One of the first things I loved about this game was the overall presentation and tempo, I've felt a number of Wii games let down by their menus and on-screen help. Trauma Center really excels in this area, the menus are excellent which is truly complemented by “video game” upbeat music. The game happily flows been story telling and operations, its a lot more entertaining than you might think.

Obviously this game would have been told primarily in Japanese, but whoever was responsible for the American translation deserves some kinda award, the script is hilarious at times as all of your colleagues start taking the “mick” out of you, excellent work.

Now down to the actual reviewing, along with the excellent story and presentation the actual surgery side of things progresses very nicely. With more and more complex operations you find yourself starting to work things out for yourself which is highly rewarding when everything goes clicks together. The operations start to require skills that you have learned previously, you end up doing a lot of different things, but I won't spoil it for you here.

The graphics are more than adequate for a medical simulation, in fact its overall look works great and has little need for improvement. The only problem is the lack of a 16:9 mode which luckily the game doesn't look too bad when stretched.

The only other downside I'd like to mention is the fact the story only goes in one direction, at no point do you get to really “decide” your fate, you just have to go along with it. Perhaps in a future version we'll see the ability to control the story more and choose which direction we want our career to go.

It feels like Atlus have put a lot of effort into the story as its really the only element that links two operations together, the story is split into episodes which plays out like a serial drama on TV. There are around 50 operations in total in the game and over 60 episodes to the story, I imagine most gamers will take at least 20 hours to complete the story, so actually its a pretty good return for your money.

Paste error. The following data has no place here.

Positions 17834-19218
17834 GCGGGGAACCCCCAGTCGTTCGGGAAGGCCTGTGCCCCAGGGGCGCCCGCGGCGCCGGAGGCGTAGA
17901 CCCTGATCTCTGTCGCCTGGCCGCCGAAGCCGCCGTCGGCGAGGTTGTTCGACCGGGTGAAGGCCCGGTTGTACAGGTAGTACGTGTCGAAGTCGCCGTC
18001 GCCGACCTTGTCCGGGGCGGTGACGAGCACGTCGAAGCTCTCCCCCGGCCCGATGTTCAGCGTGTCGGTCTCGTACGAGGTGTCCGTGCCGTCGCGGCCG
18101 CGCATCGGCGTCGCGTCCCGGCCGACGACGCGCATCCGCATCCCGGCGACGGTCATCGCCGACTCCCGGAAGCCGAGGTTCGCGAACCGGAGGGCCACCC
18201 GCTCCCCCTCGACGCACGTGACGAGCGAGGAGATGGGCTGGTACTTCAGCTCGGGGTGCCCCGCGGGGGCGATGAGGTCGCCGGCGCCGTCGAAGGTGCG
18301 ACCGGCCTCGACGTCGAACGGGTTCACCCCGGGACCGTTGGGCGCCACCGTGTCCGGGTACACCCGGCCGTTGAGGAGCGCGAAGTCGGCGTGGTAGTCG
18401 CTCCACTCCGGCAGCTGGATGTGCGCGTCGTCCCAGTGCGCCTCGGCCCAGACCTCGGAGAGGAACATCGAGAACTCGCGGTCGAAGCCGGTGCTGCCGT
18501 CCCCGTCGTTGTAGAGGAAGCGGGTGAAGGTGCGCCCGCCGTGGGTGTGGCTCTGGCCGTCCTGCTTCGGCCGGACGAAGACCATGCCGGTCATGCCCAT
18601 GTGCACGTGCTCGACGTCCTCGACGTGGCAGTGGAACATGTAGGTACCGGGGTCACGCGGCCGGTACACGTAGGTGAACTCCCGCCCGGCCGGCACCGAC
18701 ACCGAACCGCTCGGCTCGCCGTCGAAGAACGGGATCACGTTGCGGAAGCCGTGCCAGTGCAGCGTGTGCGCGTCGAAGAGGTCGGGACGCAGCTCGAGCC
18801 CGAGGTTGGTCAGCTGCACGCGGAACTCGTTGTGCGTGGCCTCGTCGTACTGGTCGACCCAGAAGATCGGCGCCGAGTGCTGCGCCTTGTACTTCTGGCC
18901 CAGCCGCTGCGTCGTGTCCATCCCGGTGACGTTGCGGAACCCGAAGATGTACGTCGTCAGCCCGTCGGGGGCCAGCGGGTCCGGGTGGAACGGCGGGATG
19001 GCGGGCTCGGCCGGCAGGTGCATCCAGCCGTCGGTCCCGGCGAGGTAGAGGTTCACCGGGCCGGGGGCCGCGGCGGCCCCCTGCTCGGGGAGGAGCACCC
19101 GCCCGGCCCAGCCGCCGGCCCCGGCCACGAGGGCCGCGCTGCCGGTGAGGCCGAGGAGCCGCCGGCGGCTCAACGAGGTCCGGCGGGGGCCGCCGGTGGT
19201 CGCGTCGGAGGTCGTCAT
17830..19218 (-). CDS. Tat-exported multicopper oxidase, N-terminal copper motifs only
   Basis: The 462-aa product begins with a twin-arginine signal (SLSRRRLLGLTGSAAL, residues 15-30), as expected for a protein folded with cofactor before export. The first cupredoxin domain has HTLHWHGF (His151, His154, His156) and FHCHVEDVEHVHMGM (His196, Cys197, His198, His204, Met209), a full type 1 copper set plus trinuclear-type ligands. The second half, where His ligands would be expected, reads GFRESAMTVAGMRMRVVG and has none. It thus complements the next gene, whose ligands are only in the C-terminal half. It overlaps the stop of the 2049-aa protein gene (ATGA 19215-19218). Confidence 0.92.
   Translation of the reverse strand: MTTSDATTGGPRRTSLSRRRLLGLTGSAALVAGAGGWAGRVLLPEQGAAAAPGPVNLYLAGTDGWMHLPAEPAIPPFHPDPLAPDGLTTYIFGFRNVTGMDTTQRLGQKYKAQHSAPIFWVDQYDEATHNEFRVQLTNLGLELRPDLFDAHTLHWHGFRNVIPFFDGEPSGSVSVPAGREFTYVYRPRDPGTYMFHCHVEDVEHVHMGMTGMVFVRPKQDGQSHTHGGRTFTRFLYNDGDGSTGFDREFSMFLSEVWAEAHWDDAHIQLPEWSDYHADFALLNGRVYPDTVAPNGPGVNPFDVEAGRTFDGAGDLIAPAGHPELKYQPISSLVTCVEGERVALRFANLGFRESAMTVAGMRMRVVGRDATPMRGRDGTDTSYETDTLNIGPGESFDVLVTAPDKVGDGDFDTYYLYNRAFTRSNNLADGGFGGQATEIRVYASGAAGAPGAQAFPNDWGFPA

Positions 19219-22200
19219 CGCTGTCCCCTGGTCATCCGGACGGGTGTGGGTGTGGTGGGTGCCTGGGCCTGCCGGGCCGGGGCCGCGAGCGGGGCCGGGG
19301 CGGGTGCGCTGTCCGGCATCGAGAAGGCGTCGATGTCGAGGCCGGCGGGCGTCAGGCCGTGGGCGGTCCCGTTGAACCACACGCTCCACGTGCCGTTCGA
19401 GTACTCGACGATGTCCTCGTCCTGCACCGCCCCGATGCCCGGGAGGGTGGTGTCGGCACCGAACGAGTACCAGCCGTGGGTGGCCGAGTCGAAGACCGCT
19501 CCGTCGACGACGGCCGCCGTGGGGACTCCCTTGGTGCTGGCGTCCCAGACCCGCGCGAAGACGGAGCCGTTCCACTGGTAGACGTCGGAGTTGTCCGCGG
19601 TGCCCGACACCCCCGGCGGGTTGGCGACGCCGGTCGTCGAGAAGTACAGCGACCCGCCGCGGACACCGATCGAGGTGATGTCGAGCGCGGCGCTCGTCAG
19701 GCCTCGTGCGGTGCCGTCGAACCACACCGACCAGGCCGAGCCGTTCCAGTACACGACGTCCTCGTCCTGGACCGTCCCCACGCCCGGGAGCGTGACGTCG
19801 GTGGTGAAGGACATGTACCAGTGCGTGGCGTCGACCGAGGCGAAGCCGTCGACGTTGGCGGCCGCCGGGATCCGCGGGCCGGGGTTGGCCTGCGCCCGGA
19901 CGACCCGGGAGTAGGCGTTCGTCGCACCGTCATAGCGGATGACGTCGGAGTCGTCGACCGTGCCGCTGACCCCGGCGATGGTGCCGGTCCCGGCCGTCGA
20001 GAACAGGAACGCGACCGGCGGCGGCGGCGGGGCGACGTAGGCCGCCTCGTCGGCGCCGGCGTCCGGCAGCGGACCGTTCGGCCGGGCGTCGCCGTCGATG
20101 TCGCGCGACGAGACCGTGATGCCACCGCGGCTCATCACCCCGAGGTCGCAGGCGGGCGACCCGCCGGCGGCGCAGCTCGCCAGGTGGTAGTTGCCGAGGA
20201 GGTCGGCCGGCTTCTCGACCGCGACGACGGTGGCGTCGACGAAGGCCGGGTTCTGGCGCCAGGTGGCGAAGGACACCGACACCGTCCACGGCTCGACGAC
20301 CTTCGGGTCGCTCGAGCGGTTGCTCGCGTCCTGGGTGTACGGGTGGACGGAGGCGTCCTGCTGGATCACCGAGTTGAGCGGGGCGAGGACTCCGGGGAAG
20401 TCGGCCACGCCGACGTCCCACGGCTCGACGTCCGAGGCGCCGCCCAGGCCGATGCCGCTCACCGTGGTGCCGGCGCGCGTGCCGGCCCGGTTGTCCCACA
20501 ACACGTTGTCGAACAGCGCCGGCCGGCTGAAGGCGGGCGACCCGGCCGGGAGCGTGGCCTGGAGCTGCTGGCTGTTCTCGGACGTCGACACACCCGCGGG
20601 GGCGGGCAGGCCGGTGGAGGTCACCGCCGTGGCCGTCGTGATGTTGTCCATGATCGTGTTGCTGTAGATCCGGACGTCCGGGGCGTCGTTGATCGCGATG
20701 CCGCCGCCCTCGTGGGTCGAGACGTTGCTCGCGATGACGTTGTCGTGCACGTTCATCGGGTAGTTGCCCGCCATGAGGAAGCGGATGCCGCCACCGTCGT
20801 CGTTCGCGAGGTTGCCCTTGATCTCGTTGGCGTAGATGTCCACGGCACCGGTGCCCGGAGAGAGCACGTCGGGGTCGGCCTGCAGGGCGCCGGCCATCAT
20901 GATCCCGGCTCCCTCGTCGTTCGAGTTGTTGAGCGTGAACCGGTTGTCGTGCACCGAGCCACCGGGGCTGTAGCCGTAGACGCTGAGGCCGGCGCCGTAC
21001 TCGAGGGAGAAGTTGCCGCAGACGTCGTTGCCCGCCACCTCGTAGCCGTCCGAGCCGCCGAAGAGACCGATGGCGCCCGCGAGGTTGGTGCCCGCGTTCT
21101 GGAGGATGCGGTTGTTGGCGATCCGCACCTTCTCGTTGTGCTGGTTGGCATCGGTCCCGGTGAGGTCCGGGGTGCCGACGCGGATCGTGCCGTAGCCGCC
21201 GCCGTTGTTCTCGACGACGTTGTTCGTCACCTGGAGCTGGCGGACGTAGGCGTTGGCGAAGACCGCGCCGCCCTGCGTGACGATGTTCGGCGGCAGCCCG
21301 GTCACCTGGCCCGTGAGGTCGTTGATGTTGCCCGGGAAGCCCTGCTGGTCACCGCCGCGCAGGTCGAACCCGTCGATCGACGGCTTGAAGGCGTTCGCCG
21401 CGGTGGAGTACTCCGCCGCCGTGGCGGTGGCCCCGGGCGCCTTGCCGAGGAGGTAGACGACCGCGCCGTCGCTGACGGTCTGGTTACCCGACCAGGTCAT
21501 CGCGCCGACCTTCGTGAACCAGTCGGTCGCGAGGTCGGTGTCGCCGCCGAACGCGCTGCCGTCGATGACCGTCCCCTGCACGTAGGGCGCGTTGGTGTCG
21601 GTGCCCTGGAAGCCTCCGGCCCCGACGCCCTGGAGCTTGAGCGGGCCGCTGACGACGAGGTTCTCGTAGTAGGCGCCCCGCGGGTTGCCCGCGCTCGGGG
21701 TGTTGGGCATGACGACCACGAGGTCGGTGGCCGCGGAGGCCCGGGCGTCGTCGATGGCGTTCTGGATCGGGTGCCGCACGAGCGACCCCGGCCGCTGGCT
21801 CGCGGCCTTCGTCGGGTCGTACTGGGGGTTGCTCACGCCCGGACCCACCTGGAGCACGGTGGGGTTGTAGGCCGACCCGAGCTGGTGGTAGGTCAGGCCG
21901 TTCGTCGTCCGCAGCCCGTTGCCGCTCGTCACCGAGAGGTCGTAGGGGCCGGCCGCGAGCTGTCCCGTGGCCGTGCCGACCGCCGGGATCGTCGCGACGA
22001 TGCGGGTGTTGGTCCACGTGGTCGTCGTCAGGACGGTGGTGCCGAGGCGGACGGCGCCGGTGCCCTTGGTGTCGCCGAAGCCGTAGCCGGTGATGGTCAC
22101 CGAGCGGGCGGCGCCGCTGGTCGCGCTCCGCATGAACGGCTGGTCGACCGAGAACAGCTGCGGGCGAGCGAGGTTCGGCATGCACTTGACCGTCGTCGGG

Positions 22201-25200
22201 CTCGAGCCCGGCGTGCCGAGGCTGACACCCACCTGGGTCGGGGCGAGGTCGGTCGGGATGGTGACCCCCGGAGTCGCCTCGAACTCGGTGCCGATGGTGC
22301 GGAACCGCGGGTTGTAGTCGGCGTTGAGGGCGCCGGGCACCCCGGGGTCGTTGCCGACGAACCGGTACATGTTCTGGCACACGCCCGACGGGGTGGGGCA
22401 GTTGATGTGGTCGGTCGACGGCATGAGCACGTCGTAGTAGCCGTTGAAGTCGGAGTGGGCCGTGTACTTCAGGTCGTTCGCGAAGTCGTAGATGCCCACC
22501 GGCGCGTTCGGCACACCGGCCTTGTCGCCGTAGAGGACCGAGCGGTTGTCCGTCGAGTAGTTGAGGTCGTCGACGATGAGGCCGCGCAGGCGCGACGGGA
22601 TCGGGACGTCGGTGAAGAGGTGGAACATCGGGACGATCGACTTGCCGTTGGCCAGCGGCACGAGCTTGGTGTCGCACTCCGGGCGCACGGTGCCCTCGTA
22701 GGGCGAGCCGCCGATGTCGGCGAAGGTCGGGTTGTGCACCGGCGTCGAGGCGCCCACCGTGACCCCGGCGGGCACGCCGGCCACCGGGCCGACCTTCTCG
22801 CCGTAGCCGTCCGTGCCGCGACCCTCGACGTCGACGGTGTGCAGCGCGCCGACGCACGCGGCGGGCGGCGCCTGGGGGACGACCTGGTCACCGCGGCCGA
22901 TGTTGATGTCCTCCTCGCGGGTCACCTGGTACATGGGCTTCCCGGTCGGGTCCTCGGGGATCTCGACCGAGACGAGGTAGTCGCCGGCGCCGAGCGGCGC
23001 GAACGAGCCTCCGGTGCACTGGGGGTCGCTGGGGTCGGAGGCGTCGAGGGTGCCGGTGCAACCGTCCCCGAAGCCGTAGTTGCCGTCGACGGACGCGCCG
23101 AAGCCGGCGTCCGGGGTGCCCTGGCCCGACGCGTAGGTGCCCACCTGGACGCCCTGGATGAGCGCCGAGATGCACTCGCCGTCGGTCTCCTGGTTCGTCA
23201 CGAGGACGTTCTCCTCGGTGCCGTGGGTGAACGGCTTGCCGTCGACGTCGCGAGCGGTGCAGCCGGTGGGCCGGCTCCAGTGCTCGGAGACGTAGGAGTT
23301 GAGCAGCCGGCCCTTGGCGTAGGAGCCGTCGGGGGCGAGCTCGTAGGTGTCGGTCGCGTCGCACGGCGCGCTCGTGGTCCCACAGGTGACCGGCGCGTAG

Conclusion

Trauma Center: Second Opinion is something new, you won't find anything like this on the PS3 or 360. It's proof alone that Wii will create entirely new genres of games that appeal to new audiences. A truly unique experience with an excellent control system coupled with its flawless presentation makes a highly entertaining debut game from Atlus. Even if your unsure about the subject matter I urge you not to let it stop you picking this game up either now, or in a few months time in Europe.

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User Comments (3)

ReInstall

#1

ReInstall said:

Nice review!

I totally agree. If you liked the DS original you are sure to like this. There's even a new episode (set of levels) for the Wii :)

get2sammybAdmin

#3

get2sammyb said:

Can't wait for this game. You scored it pretty highly too so I look forward to this one.